There are three processes involved in learning English through conversation, (among others):
- By having conversations, we get more exposure to the target language. New items and structures then become available for use. You can read more about the Input Hypothesis / Input Processing Theory by reading up on works by S. Krashen and Bill VanPatten.
“The goal of language is for communication and the most effective way to communicate is through speech.” In: The Effect of Input-based Instruction on the Speaking Ability of Iranian EFL Learners
See this link for the article in pdf format.
- Practice makes perfect: when talking to other people, the psychological processes involved in retrieving information and creating sentences become more automatised. You may want to look up on Automaticity and Anderson’s ACT* theory.
“It would be the exception rather than the rule that we would find in a scientific theory mechanisms that directly correspond to natural language concepts. The critical question is whether ACT* can give an account of the phenomena associated with the term automaticity.”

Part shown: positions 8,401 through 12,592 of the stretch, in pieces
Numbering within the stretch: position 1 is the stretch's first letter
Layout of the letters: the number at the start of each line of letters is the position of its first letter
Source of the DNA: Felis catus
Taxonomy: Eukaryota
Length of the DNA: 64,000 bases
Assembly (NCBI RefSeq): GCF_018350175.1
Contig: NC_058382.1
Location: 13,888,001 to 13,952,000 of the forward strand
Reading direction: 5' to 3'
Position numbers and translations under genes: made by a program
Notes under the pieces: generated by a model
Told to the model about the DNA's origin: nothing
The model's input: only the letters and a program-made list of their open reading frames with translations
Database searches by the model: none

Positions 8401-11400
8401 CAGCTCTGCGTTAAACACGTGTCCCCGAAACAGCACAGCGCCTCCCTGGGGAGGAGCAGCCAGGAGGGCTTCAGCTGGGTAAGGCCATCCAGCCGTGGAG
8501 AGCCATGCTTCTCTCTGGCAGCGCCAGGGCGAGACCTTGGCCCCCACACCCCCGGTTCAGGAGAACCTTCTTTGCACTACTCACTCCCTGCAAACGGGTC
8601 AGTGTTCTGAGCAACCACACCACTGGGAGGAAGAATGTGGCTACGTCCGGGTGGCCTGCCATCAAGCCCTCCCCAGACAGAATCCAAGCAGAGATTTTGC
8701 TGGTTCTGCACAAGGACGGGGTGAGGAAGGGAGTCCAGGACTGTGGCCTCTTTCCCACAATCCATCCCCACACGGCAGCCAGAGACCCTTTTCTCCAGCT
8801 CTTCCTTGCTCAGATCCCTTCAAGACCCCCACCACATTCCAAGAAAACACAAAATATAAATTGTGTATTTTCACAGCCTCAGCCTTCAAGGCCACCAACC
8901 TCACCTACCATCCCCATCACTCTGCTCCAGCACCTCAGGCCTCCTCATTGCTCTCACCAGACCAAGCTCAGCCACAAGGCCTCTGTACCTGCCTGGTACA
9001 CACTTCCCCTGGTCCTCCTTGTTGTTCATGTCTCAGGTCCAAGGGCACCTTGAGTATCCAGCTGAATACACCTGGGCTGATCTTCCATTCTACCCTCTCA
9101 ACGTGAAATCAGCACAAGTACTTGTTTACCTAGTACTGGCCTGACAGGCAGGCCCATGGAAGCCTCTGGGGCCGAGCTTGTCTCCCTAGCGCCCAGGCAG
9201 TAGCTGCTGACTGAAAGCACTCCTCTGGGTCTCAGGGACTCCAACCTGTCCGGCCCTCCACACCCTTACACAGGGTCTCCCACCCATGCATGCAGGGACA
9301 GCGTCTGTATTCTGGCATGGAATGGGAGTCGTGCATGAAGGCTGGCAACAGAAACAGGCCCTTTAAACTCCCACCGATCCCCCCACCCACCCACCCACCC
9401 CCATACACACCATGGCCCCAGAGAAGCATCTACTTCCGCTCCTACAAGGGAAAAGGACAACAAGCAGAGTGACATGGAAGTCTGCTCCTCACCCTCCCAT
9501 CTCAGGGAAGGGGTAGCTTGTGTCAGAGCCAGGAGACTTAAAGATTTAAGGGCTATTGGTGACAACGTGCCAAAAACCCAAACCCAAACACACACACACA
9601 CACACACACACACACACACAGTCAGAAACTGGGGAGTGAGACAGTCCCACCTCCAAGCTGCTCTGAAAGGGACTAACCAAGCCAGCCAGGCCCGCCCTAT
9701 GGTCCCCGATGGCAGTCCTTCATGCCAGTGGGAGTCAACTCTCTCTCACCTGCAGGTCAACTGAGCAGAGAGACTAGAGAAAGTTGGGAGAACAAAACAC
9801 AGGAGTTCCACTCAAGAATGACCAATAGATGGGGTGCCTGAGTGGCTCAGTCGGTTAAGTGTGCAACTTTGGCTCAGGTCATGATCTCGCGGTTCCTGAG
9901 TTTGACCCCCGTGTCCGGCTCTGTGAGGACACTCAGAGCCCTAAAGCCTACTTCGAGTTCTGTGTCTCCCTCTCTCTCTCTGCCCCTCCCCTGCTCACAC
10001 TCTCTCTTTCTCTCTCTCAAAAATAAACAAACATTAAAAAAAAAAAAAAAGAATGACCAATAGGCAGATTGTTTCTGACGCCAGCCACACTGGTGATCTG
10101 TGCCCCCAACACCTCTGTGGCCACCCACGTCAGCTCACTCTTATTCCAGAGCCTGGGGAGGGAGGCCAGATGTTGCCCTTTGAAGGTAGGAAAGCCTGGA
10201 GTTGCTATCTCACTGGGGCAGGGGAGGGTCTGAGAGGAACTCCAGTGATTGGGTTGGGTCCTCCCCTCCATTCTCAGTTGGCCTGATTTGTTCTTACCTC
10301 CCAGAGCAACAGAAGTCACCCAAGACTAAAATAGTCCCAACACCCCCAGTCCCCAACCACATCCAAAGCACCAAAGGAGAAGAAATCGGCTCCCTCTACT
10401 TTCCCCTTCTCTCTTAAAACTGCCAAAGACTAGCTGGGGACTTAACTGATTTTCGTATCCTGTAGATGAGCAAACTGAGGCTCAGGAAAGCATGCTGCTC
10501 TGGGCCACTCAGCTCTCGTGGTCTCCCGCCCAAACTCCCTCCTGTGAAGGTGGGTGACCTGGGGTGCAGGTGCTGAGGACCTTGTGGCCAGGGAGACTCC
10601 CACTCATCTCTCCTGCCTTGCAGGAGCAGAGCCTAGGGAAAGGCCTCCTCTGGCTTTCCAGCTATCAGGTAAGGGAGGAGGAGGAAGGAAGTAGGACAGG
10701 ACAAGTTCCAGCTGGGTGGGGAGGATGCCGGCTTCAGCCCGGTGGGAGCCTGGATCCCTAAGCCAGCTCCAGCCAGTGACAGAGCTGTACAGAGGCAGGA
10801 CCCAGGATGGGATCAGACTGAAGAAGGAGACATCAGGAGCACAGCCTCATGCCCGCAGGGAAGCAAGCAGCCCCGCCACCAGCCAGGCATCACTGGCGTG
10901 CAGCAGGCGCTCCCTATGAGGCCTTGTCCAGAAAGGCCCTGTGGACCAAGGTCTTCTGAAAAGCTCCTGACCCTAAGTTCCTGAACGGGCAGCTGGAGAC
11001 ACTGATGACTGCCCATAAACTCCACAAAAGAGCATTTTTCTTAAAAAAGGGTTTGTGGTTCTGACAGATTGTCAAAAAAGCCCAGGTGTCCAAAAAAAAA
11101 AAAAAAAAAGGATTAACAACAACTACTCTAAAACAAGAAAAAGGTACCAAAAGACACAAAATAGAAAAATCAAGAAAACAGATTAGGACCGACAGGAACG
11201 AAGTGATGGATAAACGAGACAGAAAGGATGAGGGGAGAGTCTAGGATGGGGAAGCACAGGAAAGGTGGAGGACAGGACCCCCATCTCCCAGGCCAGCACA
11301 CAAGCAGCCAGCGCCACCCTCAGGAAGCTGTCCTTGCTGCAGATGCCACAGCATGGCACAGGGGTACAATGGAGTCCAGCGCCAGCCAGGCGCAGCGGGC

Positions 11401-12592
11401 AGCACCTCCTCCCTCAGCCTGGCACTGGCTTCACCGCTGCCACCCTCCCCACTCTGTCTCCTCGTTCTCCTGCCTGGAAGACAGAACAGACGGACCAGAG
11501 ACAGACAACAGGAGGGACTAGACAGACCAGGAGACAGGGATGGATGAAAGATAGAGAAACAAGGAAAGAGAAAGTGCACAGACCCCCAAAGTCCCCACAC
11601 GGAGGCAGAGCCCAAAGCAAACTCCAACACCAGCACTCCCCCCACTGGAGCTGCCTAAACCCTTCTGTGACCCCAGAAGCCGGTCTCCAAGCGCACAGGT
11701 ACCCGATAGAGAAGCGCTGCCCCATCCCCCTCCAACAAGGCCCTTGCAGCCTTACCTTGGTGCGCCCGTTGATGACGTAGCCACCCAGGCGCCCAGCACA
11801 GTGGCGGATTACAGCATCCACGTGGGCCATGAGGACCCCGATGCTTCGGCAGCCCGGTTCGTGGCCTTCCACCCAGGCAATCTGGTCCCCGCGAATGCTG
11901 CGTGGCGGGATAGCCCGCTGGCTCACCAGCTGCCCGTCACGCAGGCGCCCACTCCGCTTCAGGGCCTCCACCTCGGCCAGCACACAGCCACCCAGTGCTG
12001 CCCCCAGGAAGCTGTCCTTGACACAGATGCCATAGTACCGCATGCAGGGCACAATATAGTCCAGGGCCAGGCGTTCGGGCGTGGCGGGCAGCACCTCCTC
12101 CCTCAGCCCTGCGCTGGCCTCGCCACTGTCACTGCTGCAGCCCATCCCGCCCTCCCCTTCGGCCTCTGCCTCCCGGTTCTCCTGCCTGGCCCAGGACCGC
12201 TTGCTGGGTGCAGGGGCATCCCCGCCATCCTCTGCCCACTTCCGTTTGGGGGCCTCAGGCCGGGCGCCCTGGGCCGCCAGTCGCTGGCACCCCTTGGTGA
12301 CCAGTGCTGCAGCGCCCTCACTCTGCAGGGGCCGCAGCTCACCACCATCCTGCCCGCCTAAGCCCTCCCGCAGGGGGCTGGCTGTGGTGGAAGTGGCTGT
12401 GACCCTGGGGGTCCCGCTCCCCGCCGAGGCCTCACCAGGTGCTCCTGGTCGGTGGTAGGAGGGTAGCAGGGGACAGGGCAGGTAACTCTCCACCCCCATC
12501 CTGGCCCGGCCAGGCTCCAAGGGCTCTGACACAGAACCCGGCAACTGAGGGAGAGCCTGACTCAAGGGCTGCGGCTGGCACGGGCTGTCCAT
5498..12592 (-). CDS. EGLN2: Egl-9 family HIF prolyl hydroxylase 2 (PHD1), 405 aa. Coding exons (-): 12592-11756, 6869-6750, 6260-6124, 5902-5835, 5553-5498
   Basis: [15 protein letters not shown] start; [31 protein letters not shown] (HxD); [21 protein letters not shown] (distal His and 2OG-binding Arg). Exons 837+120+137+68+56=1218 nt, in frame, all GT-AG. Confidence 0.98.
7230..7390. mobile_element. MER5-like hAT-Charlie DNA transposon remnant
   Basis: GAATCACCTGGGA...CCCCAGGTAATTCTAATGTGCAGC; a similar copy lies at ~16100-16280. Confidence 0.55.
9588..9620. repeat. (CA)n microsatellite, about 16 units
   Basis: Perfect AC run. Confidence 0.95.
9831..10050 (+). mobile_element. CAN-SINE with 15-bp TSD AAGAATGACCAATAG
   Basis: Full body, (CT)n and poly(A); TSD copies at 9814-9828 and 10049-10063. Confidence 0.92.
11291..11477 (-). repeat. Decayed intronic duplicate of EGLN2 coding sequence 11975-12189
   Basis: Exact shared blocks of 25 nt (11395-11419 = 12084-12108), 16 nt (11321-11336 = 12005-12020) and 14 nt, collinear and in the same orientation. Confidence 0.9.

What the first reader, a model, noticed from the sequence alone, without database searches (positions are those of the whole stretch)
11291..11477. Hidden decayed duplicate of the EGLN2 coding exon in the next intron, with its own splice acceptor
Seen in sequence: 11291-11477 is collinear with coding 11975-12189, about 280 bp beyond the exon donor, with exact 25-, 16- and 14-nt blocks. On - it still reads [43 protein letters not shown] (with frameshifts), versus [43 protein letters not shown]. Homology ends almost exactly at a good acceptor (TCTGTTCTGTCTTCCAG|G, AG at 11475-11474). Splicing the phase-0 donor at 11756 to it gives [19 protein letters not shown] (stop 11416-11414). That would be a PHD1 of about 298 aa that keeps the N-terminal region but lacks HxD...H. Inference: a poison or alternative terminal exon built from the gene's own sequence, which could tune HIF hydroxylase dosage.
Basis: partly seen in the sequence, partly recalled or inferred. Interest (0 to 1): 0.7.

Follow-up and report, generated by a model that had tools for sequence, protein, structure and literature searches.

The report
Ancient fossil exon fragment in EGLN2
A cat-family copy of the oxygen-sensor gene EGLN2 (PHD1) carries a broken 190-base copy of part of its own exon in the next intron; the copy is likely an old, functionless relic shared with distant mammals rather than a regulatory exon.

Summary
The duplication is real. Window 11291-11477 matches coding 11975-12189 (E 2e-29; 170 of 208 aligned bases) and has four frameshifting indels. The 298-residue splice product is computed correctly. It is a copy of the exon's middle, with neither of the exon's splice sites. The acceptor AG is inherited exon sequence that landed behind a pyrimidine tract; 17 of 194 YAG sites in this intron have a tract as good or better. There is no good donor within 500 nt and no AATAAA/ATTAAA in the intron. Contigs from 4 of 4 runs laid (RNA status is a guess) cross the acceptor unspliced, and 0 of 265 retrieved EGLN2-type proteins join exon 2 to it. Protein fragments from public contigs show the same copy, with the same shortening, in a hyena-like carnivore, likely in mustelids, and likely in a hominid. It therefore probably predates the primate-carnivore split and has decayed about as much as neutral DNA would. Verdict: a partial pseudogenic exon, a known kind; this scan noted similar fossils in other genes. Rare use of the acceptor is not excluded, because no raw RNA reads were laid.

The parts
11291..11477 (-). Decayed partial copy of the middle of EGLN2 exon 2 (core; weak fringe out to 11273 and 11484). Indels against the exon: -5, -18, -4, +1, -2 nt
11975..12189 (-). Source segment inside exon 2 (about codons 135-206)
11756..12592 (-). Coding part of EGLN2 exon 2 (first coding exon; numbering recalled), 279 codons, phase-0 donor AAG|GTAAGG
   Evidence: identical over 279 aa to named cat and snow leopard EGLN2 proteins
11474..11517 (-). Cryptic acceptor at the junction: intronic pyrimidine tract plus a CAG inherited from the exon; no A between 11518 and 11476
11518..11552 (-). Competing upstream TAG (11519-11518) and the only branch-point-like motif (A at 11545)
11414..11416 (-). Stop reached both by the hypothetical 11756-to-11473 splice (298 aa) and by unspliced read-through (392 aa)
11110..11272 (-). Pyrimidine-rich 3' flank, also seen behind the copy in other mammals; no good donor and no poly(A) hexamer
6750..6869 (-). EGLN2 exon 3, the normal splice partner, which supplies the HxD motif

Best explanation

To read the Abstract and request the full text see this link on ResearchGate
- It seems that when conversing, learners become more aware of gaps between what they can do, and what they are not yet able to do. This appears to help students with Noticing, which is a requirement for learning. Merrill Swain’s Comprehensible Output Hypothesis and work by Schmidt on Noticing mention this.
“In my situation of self-directed learning, I have to ‘push’ myself to comprehensible output, that is, to meet the social and pragmatic needs in this target language environment.”
To read more go to this link for a Learner’s perspective in pdf format
Here is a pdf about: Roles of Noticing in English Language Learning : A Literature Review
These three points are all good reasons to use this method.